Why the month of May did not see an all-out Middle East explosion

Undoubtedly the ingredients were in place this month that could have led to an explosion.

By
May 28, 2018 00:00
The sun sets over the Gaza Strip, as seen from the Israeli side of the border May 15, 2018

The sun sets over the Gaza Strip, as seen from the Israeli side of the border May 15, 2018. (photo credit: AMIR COHEN/REUTERS)

 
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On paper, the month of May swept in some of the most combustible elements at one time the region has seen in years.

Iran was entrenching itself in Syria and threatening revenge for alleged Israeli attacks on Iranian assets in Syria; US President Donald Trump was going to decide on the future of the Iran nuclear deal; the “Great Return March” was continuing in the Gaza Strip; the Palestinians were to mark Nakba Day, the “Day of Catastrophe,” marking Israel’s independence; the US was going to move its embassy to Jerusalem; and Ramadan, a month often accompanied by terrorism and violence, was to begin.

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The U.S. officially opens its embassy in Jerusalem as dozens killed in Gaza protests, May 14, 2018 (Reuters)

All the ingredients were in place, some feared, for an all-out explosion.

Yet, despite some tense and ugly days – specifically May 14 – the all-out explosion did not materialize. On May 14, the same day the US moved its embassy, some 40,000 Palestinians in Gaza marched on the fence with Israel, hoping to breach it, and 62 people were killed – 50 of them, by Hamas’s own admission, were their own men.

Nevertheless, May was not apocalyptic.

Israel and Iran did not go to war in Syria; the Iranians did not dash for a nuclear device with the US withdrawal from the Iranian nuclear deal; the “Great Return March” did not lead to the breach of the border fence with Gaza; the Nakba Day protests were limited; the move of the US Embassy did not lead to the orgy of violence in Israel, the territories and around the world that many warned of for years; and Ramadan has so far been relatively quiet.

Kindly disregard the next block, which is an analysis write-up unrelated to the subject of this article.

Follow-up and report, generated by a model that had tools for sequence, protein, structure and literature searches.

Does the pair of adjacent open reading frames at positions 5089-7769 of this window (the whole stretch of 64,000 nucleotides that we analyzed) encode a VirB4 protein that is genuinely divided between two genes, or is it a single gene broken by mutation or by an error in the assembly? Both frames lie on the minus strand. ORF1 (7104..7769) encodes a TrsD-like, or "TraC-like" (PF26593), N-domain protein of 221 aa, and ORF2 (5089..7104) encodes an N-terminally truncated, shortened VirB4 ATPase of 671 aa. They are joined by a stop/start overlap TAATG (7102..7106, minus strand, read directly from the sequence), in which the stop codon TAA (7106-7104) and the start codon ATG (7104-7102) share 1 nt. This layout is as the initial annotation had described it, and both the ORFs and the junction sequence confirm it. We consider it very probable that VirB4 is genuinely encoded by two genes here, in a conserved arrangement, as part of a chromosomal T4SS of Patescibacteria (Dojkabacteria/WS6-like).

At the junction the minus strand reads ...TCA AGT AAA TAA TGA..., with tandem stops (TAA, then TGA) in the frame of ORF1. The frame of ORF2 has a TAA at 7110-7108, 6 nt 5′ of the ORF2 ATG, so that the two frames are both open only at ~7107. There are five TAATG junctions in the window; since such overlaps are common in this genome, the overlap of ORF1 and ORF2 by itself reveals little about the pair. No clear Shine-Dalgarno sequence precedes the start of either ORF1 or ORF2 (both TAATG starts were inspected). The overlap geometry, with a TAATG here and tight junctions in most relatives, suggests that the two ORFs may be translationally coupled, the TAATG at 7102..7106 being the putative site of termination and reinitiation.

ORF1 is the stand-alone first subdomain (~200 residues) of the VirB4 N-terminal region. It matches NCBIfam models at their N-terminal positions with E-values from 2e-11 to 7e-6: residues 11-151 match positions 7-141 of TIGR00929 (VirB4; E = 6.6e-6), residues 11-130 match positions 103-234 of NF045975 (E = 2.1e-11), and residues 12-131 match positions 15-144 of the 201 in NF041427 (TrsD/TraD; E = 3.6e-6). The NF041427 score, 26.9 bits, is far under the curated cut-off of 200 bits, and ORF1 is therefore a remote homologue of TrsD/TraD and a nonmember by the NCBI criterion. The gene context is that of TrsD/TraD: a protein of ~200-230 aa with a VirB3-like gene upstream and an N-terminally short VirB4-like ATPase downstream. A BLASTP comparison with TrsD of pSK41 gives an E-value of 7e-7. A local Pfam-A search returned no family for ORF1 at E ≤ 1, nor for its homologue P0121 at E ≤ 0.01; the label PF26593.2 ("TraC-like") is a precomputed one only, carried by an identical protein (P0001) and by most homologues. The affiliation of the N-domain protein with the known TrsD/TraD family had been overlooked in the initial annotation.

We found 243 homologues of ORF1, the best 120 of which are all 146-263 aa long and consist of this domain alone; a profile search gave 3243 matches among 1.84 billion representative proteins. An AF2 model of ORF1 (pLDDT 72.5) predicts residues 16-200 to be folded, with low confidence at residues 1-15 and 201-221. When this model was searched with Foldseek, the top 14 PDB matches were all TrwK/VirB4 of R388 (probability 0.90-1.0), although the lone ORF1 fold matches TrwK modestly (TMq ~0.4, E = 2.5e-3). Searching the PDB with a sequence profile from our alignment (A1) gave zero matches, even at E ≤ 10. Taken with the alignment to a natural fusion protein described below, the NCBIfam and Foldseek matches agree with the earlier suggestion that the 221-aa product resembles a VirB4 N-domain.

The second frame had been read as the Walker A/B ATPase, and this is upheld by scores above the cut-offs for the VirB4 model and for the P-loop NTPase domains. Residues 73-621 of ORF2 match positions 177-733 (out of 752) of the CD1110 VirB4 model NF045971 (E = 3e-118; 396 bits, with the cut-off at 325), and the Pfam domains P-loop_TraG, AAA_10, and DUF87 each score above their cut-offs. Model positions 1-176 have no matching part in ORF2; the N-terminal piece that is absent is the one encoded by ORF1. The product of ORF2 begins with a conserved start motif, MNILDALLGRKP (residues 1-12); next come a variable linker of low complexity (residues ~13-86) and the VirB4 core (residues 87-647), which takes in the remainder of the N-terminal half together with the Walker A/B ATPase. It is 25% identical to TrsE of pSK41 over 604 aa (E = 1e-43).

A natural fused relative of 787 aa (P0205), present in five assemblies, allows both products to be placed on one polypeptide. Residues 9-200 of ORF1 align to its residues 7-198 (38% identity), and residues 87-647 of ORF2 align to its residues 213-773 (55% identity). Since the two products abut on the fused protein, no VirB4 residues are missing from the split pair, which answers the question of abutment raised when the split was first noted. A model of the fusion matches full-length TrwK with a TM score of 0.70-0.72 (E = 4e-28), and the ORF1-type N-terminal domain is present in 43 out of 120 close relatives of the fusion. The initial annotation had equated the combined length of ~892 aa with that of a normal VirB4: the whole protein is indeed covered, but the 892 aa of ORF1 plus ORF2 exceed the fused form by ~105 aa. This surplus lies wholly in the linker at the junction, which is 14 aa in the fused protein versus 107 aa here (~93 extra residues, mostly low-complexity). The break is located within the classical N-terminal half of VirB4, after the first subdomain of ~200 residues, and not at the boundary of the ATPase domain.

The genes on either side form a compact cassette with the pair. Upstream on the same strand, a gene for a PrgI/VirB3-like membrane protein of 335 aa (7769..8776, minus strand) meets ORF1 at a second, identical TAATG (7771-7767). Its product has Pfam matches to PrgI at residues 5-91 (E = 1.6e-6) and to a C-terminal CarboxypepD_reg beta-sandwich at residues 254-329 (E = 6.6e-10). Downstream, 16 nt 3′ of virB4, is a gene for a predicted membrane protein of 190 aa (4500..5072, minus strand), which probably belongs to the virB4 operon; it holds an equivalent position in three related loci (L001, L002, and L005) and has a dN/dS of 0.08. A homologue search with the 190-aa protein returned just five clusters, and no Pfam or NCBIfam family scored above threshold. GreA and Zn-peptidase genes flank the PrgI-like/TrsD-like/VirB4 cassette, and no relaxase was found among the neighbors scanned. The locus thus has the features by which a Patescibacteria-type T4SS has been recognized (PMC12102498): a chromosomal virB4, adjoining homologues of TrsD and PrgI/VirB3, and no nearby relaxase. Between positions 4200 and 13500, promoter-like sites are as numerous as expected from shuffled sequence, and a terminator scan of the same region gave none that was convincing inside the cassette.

Why?

Because alongside the combustible elements, there are forces working on the ground to prevent matters from spiraling out of control.

Who are these moderating forces?

First, there are the Russians. Syria seems a perfect setting for an Iranian-Israeli clash. Iran is determined to build a military infrastructure in Syria that would give it leverage over Israel. Imagine Iranian precision-guided missiles in Syria that could hit any target in Israel from Dan to Beersheba. This would be a tremendous deterrent to Israel against acting against the Iranian nuclear program.

But just as determined as Iran is to create this leverage in Syria, Israel is determined to prevent it; dead-set on not allowing the Iranians to replicate in Syria the Lebanese model – where Hezbollah armed itself to the teeth over the last decade without anyone preventing it.

The ingredients were all in place for the conflict, including the reported Israeli attacks on Iranian assets in Syria that killed Iranian forces. Yet the conflagration did not materialize – the Russians are keen on ensuring it does not happen.

Russia is fighting in Syria, as is Iran. But unlike Iran, Russia is not Israel’s enemy and does not want a collision between Israel and Iran.

Russian President Vladimir Putin has had an amazingly successful run in Syria, he has – some argue – “made Russia great again.” He proved Moscow is a player, an arbiter on the international stage; he showed his credibility to his allies; he tried out his new weapons; he got an air and a naval base in Syria; he saved Syrian President Bashar Assad; and he beat Islamic State.